What Can We Do With Our Malls If (When) They Fail?

Several posts ago, I wondered aloud why there wasn’t a more critical discussion surrounding City Creek. The questions raised in that post, however, were promoted by a general sense that malls are bad investments and on the wane. From a piece on a mall in New Jersey from The Daily Beast:

The scale and scope of the project would be breathtaking in its own right. But what makes Xanadu extraordinary is the fact that it is emerging just as the American mall—that most quintessential of American institutions—is in its dying throes, if not already dead. Moribund malls have not gone unnoticed amongst industry analysts and Web sites like Deadmalls.com that feature photos of hundreds of now-abandoned sites. But what were once just worrying signs appear to have finally flat-lined.

That’s a description that could certainly apply to City Creek.

But more importantly on the hyper-local level, what does it mean for the malls in Utah County? I’ve written before that I believe Provo’s Towne Center Mall is better poised to succeed long-term than Orem’s University Mall. I’m more and more convinced of that fact all the time — not because I like Provo’s mall better but rather because Provo seems better managed and Orem seems to be a victim of circumstance.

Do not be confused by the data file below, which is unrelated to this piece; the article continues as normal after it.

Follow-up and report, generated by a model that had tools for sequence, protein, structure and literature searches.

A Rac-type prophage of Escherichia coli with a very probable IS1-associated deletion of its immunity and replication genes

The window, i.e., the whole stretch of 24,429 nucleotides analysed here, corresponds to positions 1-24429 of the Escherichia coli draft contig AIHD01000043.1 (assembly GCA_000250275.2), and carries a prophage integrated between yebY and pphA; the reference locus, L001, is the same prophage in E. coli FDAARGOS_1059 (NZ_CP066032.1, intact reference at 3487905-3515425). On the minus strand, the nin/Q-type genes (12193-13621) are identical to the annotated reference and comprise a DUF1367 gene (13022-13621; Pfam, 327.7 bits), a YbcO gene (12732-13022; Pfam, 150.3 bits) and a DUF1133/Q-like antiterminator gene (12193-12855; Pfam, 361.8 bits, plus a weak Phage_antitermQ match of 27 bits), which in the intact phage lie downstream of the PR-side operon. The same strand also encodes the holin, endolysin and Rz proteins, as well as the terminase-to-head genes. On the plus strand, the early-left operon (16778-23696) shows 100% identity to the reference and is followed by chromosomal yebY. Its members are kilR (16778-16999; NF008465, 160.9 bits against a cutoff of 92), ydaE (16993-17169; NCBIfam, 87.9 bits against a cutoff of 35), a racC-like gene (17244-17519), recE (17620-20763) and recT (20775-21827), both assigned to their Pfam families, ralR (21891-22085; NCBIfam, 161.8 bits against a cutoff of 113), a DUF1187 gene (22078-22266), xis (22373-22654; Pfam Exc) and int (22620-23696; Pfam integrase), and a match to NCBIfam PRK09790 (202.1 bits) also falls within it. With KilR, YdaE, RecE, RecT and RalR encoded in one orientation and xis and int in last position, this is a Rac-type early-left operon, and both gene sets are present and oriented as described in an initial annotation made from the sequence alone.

But long term, will either mall survive? I truly can’t imagine how. Neither mall is particularly successful. Neither is in a particularly good location. And the investment going into both cities, and especially Provo, is directed to other areas.

I have no idea what will happen in the future to the malls in Utah County, but it’d be wise to start thinking about what will replace them in a generation or less.


1 Comment

Filed under economics, Provo

One response to “What Can We Do With Our Malls If (When) They Fail?

  1. Pingback: Sears is Staying in Provo | (pro(vo)cation)

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